# Characteristic Curves

Current-voltage graphs are used to show how the current through a component varies with the voltage you put across it.

It is a physicist's way to see at a glance how a component behaves when a particular range of potential differences are applied across it.

These graphs are called Characteristic Curves.

To find the characteristic for a component you vary the potential difference across it (so p.d. or voltage is the independent variable and it plotted on the x-axis) and note down the current that flows for each voltage (the dependent variable - plotted on the y axis).

 The current through an ohmic conductor (e.g. a wire) (at constant temperature) is proportional to the voltage across the resistor resulting n a straight line through the origin. This characteristic is described by Ohm's Law : The ratio of the potential difference across the ends of a current carrying conductor to the current flowing though it is constant (providing the temperature is constant). Click here for an interactive experiment. The resistance of a filament lamp increases as the temperature of the filament increases. When the p.d. across it is small the current is small and the wire does not get very hot - the temperature is almost constant and the line is stright (near to the origin point). It is while the wire of the filament has current going through it that causes it to change temperature a lot that we see the most curvature in the graph line. When it gets to maximum temperature we see a steady straight line again.... but at a higher resistance than when cool. For details on an experiment to determine the characteristic curve for a filament lamp: click here The current through a silicon diode effectively only flows in one direction only. It's resistance is very low when connected in 'forward bias' as long as it has a potential difference of more than 0.6 volts across it. The diode has a very high resistance in the reverse direction therefore only a tiny current flows. Click here for more detail. Notice the considerable difference between the forward voltage (VF) for blue types and red to green types. Blue LEDs also typically have a greater reverse leakage current (IREV) than other LEDs but the safe limit for most LEDs is considered to be around -5V, a VERY LOW value compared with silicon diodes, which may have reverse breakdown voltages measured in tens or hundreds of volts. Therefore LEDs are more easily damaged by relatively small values of either excess forward current, or reverse voltage compared to ordinary silicon diodes, so to take advantage of the LEDÂ´s excellent reliability, care must be taken to ensure that any LED operates within its safe operating area. Click here for more detail.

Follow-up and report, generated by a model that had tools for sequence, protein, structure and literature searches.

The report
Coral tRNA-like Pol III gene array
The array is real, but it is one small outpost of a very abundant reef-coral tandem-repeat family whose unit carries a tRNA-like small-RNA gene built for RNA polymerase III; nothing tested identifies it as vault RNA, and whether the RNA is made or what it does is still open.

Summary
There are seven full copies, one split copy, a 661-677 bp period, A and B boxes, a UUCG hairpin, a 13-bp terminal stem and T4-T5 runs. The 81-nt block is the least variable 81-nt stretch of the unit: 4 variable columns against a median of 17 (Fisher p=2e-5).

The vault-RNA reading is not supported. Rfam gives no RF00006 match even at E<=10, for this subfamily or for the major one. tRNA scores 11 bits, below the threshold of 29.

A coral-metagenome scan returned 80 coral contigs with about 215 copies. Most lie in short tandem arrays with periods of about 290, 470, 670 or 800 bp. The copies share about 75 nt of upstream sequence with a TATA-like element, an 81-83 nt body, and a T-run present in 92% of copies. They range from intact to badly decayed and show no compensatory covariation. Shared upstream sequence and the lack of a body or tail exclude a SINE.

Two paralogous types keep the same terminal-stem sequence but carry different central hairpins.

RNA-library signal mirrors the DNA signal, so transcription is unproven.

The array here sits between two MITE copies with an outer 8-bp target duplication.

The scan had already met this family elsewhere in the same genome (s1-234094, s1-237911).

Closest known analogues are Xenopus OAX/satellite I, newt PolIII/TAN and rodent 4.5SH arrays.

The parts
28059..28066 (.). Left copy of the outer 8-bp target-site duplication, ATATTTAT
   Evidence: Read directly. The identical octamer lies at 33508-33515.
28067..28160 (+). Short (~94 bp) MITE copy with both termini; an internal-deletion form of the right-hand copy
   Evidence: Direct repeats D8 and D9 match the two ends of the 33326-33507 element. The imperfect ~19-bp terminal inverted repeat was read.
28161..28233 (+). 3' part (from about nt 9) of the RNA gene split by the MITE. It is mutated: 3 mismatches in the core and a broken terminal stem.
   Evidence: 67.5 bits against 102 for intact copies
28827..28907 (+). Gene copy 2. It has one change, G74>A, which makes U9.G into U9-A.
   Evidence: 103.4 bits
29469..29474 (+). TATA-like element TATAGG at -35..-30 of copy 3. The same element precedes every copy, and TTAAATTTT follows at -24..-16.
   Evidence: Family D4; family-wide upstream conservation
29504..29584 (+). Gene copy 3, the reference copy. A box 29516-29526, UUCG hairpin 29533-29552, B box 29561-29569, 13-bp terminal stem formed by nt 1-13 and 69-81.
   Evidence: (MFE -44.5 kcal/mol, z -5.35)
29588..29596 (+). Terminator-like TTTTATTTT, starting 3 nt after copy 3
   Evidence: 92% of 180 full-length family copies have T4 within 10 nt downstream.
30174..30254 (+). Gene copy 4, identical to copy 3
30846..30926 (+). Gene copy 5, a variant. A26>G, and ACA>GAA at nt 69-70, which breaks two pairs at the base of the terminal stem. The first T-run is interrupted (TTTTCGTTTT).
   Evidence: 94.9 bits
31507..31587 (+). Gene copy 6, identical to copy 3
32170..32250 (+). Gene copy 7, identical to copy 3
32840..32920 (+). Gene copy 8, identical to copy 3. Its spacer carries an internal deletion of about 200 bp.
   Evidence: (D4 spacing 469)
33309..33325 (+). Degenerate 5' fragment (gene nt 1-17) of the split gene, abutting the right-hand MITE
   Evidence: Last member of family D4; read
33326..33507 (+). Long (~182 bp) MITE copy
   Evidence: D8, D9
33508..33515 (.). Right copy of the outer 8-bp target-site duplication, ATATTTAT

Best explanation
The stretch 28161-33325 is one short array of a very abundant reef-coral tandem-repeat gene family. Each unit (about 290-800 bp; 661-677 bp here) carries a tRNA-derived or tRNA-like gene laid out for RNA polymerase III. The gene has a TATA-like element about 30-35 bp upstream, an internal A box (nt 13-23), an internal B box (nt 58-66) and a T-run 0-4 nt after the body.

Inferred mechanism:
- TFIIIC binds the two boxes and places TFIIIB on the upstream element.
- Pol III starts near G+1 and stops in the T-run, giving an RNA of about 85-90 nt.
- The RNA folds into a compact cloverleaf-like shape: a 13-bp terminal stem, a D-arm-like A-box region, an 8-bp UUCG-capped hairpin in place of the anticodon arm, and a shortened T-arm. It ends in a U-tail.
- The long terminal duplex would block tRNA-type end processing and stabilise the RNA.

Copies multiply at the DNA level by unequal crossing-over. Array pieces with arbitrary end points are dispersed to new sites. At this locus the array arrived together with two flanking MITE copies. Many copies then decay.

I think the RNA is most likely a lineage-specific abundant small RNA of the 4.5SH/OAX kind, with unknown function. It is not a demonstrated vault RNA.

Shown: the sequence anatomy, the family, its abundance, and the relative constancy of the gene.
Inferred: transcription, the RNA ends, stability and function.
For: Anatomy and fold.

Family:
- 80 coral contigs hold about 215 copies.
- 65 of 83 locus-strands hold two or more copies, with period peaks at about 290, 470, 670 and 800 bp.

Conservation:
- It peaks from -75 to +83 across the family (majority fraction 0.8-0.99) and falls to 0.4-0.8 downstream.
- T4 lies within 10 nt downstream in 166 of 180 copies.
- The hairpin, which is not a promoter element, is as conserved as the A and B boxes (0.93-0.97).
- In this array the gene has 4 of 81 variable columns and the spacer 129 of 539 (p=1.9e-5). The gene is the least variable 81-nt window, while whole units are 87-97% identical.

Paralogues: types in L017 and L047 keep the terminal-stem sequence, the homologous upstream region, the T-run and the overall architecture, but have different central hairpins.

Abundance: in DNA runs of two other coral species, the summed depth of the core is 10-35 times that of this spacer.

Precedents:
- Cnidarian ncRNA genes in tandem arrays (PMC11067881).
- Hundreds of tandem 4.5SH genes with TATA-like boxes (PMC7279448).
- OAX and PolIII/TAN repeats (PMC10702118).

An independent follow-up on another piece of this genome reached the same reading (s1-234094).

You should know how to sketch these curves - and be able to interpret them at GCSE level and above.

You may also be given graphical information for the LDR and thermistor. These will be shown as a curve relating how a physical condition (light intensity or temperature) affects the resistance of the sensor.

The resistance of a light dependent resistor decreases as the light intensity increases.

The resistance of a thermistor decreases as the temperature increases. (There are some thermistors which behave in the opposite way to this but all of your questions will be set on this version).

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